In one of our numerous e-mails I asked him if he could fill in the blanks for me.

About my vocation. While I was alone, quieting waiting for a trolley I suddenly had this firm conviction, almost like a message, that God wanted me to become a Jesuit. It was a very strong thing, which left no question of doubting it. After that I just knew that I was to become a Jesuit. I considered that very sacred and never spoke about it until recent years. When I was asked to write something about my vocation I wrote that with hesitation, and asked the Socius to the Provincial whether I should include that. He advised me to include it. In recent years I have come to think of it as a kind of intellectual vision (i.e. no sight nor sound). In the Spiritual Exercises #330 Ignatius writes about consolation without previous cause. This was something like that. It came to me suddenly out of the blue.

Again, again and again thanks, Tom, for all that you are doing to help our work in Jamshedpur, and for all that you do for God's glory.

Christ's peace!
John, sj

I'll close with the words of condolence from the Deeney Family, written by Johnny Gill, and read today at Mass by Fr. Jerry Cutinha, SJ, concelebrated by over 100 priests with over 2,000 mourners:

Greetings to the parishioners of St. Xavier’s, friends of Fr. Deeney, and his Jesuit brothers present here today. We, Fr. Deeney’s family, wish to express our deep appreciation for all the love that you have shown to our dear Uncle John throughout his many years in India, especially during his difficult final month.

The distance between Philadelphia and Jamshedpur is approximately 13,000 km. But due to the diligent email correspondence of many, especially Fr. Eric Cassel, S.J. and Fr. Jerry Cutinha, S.J., we were made to feel close to the situation and were constantly informed of his ever-changing health status. More importantly, we were comforted that his Jesuit brothers were caring for him and doing all that they could to ease his pain. We wish that we could be there with you today to mourn and to commend his soul the Lord. But given the great distance, we will mourn here and celebrate his life in our own way with a Memorial Mass in his honor.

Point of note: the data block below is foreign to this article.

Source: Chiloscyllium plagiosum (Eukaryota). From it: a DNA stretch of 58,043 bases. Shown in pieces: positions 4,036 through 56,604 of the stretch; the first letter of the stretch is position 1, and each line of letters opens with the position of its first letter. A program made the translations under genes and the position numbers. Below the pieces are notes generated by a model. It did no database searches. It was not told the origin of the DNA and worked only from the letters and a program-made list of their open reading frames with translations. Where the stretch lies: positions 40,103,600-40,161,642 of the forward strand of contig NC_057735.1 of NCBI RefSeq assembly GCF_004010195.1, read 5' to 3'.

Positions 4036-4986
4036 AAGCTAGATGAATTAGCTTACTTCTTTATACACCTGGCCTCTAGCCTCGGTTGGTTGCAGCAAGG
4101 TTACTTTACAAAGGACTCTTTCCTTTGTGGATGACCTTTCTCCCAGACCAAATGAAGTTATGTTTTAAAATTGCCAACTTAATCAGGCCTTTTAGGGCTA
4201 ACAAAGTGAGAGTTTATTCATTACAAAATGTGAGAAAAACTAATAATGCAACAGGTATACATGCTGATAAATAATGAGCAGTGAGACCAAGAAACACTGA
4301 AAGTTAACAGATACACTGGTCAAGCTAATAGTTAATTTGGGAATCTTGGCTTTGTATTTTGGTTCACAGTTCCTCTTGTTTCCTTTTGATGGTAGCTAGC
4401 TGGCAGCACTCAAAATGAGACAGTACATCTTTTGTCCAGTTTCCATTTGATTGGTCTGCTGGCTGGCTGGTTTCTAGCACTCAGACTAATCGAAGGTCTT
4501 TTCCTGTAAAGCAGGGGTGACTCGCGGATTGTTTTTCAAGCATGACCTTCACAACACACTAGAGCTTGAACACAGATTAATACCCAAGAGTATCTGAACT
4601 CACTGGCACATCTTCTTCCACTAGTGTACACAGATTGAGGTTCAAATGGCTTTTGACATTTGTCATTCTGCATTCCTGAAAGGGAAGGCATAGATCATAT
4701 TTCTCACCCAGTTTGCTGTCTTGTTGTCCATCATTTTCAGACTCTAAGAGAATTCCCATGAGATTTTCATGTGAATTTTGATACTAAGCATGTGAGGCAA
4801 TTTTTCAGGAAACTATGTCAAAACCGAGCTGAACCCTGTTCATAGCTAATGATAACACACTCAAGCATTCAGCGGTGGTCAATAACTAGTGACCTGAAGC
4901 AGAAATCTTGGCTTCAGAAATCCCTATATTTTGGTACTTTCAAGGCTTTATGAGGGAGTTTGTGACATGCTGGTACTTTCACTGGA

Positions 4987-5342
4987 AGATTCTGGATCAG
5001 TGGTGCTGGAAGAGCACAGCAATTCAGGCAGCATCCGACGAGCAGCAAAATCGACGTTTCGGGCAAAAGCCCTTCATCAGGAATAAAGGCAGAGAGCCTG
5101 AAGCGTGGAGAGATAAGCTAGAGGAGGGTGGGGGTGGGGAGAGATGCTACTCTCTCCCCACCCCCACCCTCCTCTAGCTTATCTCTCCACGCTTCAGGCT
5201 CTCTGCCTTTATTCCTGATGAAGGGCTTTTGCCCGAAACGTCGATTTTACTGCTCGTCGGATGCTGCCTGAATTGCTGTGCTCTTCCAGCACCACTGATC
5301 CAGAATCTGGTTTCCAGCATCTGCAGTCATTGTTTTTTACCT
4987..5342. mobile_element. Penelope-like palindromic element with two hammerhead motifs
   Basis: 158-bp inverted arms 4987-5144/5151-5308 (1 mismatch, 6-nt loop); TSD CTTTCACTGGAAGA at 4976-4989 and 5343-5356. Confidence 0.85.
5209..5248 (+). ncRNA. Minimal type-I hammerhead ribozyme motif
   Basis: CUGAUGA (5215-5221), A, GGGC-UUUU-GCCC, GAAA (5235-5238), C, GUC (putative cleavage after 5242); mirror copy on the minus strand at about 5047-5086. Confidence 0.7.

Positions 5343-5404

Many years ago, Uncle John made it clear that it was his desire to spend the rest of his days in India and to eventually die there. He was happy to come back to America to visit us every few years. But he was always eager to get back to his work, his people, his community, in India. In 1991, he denounced his American citizenship and was granted Indian citizenship. We imagine this to have been a joyous day for him. Surely he fancied himself an Indian long before then, but on that day he had the paperwork to prove it. Fr. Greg D’Silva, S.J., told Uncle John’s grand-nephew Johnny Gill during his 2008 visit to India that “In many ways, Fr. Deeney is more Indian than we.” Uncle John’s desire to spend his life working with and for the Ho people, lends credence to Fr. Greg’s words that day. We truly treasured his home visits to Philadelphia. But we know that his real home was here in Chaibasa, where he will be laid to rest here today.

As we reflect on Uncle John’s life, we see clearly that we, and you, were blessed to have been in the presence of a true saint. He sought no glory, notoriety or praise. Everything he did was “Ad Majorem Dei Gloriam” – For the Greater Glory of God. We will hold up his life’s work as a beacon that we can look to when we are feeling weak, encumbered, or put-upon, and use it as motivation to improve ourselves and our relationship with God each day. We hope that you too can take Uncle John’s life into your hearts and go forth filled with the Spirit!